all models of the restriction must be like the above.

>However, restrictions are resources and thus this can only happen if 
>there is a resource that corresponds to the restriction, and that 
>includes O as a member. So, this simple interpretation will not be 
>correct unless it includes such a resource and the appropriate 
>owl:type relationships to it. Some of these restrictions can refer 
>to themselves, as there are self-referential loops in RDF Schema 
>classes and thus this cannot be ruled out in restrictions.

That last claim is technically wrong (self-membership is not 
self-application) but in any case irrelevant to your point. You don't 
use nonwellfoundedness in your example below.

>Thus OWL interpretations must include resources for many 
>restrictions, essentially all the restrictions that can be built out 
>of the classes and properties that are in the interpretation. As 
>well, OWL interpretations must have the correct owl:type 
>relationships to these resources. In this way, each OWL 
>interpretation must have a theory of restrictions, including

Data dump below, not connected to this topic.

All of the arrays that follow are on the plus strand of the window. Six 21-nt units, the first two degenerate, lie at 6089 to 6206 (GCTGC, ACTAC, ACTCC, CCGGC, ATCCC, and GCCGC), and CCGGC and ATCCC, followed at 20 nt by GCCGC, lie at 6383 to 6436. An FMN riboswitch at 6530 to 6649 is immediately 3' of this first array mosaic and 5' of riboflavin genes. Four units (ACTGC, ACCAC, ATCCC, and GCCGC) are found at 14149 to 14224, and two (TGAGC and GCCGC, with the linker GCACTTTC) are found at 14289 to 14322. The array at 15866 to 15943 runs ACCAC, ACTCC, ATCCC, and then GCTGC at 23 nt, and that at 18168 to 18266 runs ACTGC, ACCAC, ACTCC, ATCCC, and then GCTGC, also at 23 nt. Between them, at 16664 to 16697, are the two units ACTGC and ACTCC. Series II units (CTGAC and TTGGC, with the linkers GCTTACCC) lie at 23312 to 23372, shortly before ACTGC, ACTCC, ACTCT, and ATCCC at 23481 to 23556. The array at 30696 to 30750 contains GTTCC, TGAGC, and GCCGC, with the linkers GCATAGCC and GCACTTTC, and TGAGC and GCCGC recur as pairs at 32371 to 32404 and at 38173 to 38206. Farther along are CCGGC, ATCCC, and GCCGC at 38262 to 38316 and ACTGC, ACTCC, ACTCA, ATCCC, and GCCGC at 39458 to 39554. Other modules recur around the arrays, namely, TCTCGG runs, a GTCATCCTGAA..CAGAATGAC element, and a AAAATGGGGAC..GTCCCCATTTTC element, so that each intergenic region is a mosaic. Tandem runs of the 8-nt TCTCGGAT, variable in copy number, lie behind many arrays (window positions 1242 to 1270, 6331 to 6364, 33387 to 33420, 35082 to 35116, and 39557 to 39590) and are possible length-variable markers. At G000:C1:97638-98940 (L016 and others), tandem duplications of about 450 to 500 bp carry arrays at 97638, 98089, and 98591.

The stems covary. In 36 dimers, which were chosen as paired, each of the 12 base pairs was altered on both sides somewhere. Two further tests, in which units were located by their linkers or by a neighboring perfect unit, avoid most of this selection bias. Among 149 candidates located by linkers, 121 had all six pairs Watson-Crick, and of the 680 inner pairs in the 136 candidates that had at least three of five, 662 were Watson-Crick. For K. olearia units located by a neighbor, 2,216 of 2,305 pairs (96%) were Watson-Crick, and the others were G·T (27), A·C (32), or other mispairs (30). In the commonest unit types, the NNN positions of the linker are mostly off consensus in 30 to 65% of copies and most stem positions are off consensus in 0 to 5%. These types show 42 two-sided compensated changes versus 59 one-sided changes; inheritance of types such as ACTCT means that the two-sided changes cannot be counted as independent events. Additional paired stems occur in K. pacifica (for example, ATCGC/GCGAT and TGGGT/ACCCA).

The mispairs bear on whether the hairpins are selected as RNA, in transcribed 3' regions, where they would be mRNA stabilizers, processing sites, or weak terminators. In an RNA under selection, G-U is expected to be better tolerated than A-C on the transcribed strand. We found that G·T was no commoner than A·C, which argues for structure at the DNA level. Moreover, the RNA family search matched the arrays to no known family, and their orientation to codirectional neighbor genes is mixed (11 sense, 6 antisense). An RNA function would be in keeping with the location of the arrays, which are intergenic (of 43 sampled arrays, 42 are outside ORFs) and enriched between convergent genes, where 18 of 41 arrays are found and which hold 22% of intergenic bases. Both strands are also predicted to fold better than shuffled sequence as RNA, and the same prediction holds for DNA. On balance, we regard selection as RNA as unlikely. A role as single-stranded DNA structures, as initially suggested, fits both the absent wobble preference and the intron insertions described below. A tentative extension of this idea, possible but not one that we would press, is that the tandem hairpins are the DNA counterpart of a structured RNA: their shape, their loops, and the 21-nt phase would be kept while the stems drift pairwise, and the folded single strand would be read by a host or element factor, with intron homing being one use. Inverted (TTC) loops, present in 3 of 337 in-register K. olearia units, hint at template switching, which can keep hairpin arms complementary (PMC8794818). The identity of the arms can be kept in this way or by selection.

>self-referential restrictions, and also other OWL constructs. We are 
>now in the same situation that the original formalization of set 
>theory was, as the following shows. Consider the restriction that 
>states it is precisely those resources that have at most zero values 
>for the property owl:type that belong to the class that consists of 
>the restriction itself. In the N-triples syntax for RDF,this is
>    _:1 a owl:Restriction .
>    _:1 owl:onProperty owl:type .
>    _:1 owl:maxCardinalityQ 0 .
>    _:1 owl:hasClassQ _:2 .
>    _:2 oneOf _:3 .
>    _:3 owl:first _:1 .
>    _:3 owl:rest owl:nil .
>This restriction, read slightly differently, is the restriction that 
>consists of those resources that do not belong to it. This is not 
>the paradoxical Russell set, but is paradoxical.
No it's not. What this IS, to be achingly precise for a second, is an 
RDF graph. The bnodes are interpreted in RDF as existentials, so what 
this says is that three things exist which satisfy some conditions 
involving the OWL vocabulary. The things in question are, in 
numerical order, an Owl restriction, an Owl class, and an RDF list. 
You have cleverly constructed this so as to guarantee that it must be 
false; those three things cannot all exist, in fact. I would be 
inclined to say that the owl:Restriction doesn't exist, since I'd 
rather let lists always exist, and the owl:Class seems harmless in 
itself.  You could resolve it other ways; but this isn't 
*paradoxical*, its just plain false (in OWL). So asserting it is like 
asserting (p and not p), which is kind of a dumb thing to do, but 
doesn't amount to a paradox.